“It’s been a long time coming,” says Ian Carson, editor and founder of Ōtaki Today, one of two monthly newspapers that serve this community of 7000. “The expressway will open Ōtaki up to so much possibility. There’s a lot of commercial land still available here, room for new businesses and for families to buy a reasonably priced house with fruit trees in the backyard and good schools nearby.”

Carson, 62, is excited by a possible influx. “New people bring new ideas and expectations. They demand decent coffee, good shopping and things to do, so the town has to step up,” he says, counting off the number of new cafes while his wife Debbi, 61, talks about a local developer planning to open a food truck venue. 

“Change is good, but we just have to manage it so that long-time families don’t get priced out the market and have to move.”

Ian and Debbi know the town better than most: they met in French class at Ōtaki College. “Back then, we couldn’t wait to get out of the place,” says Debbi, who can trace her ancestry back to James Cootes, one of the area’s first whalers.

They moved to Wellington, then London and Sydney. Life was kind, with Ian working as a journalist, including 13 years at the Evening Post, and eventually opening his own content management business. In 1988, the couple started New Zealand’s first Montessori primary school in Naenae. But nine years ago, they returned to their hometown.

“We can work from anywhere and my mother couldn’t sell her house, so we bought it to make it easier for her,” says Ian. A year later, their son Jared, a children’s book author, bought the house next door for $145,000 (their daughter and her two children also live nearby).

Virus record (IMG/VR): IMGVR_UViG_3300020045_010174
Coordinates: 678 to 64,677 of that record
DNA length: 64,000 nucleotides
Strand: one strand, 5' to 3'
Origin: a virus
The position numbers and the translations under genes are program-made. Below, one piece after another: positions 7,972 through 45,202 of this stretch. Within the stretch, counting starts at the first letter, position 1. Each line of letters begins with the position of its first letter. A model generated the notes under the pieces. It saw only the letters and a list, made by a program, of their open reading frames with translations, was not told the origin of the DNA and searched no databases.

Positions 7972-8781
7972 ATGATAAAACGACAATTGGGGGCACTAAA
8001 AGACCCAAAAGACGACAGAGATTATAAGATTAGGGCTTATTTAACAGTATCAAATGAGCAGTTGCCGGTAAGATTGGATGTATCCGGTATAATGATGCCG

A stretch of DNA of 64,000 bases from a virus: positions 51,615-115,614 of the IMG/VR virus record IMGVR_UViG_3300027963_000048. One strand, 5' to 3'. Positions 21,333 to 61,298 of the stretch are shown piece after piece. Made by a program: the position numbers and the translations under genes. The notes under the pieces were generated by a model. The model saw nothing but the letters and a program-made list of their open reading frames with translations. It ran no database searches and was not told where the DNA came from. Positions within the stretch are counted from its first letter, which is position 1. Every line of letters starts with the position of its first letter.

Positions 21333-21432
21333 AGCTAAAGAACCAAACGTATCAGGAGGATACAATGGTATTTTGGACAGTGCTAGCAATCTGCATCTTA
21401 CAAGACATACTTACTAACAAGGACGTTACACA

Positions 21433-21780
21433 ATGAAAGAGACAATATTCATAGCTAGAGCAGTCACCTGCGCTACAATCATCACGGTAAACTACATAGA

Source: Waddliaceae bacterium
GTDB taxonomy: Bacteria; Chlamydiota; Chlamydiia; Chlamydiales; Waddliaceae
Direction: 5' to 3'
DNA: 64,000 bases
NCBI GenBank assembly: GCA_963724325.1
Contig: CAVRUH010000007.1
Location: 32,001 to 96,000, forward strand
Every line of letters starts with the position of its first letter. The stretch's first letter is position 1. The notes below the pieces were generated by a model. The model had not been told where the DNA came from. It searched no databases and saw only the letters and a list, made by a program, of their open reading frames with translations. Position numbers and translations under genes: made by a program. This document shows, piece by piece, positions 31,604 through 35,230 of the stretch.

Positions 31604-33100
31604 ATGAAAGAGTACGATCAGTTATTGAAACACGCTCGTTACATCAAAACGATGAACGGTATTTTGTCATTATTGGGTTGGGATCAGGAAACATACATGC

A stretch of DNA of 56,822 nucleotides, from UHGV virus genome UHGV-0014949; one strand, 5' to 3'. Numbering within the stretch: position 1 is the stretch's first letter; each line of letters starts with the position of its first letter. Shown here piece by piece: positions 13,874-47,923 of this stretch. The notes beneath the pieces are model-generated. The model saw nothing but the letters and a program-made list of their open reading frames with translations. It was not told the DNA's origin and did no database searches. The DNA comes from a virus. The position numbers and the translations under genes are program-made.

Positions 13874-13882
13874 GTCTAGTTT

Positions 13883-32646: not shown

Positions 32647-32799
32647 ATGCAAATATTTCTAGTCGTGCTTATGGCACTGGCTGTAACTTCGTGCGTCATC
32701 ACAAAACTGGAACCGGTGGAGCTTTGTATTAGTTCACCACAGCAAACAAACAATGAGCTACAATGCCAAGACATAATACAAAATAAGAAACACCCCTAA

Ōtaki the second time around is much sweeter. “I believe if you have the skills to contribute to the local community, then you should,” says Ian. “It’s why I started the Ōtaki Promotions Group that runs events such as the Kite Festival, which has just had its seventh year and is one of the biggest events on the coast.” He’s also a rugby referee and launched Ōtaki Today last September to “tell the stories that weren’t being told”.

“We went from an idea to 6000 printed copies in six months,” he says proudly. “That’s the thing about a small town – you can easily get things done.”

Long-time Ōtaki resident Anne Thorpe: “People who come to Ōtaki with enthusiasm and drive and get involved in the community are valuable to us. As long as they don’t tell their friends, because then everyone will move here!”
Anne Thorpe is lamenting the fact she can no longer buy a reel of cotton in Ōtaki’s Main St. “I can, however, buy lots of takeaways,” says the 79-year-old, who moved to Ōtaki in 1954 with her father’s engineering job. “Back then, Ōtaki was a hick town and I hated it. I got a job at the BNZ, but desperately wanted to go back to Wellington.”

When love intervened – in the form of market gardener Peter Thorpe – she made peace with his birthplace. There were three children and a foster son (all of whom now live in the region), as well as a converted 13-hectare dairy farm where she and her late husband grew 25,000 beefsteak tomatoes a year.

“The 70s to 90s were prosperous times. Ōtaki was a great place to bring up kids, and with Peter hunting and fishing, we largely lived off the land.”

Thorpe nurtures a strong social justice streak: for years, she volunteered at Birthright, Prisoners’ Aid and the Historical Society; she was a JP and marriage celebrant. She set up the local Citizens Advice Bureau and eventually Ōtaki Museum, and was rewarded with an Order of Merit for her troubles.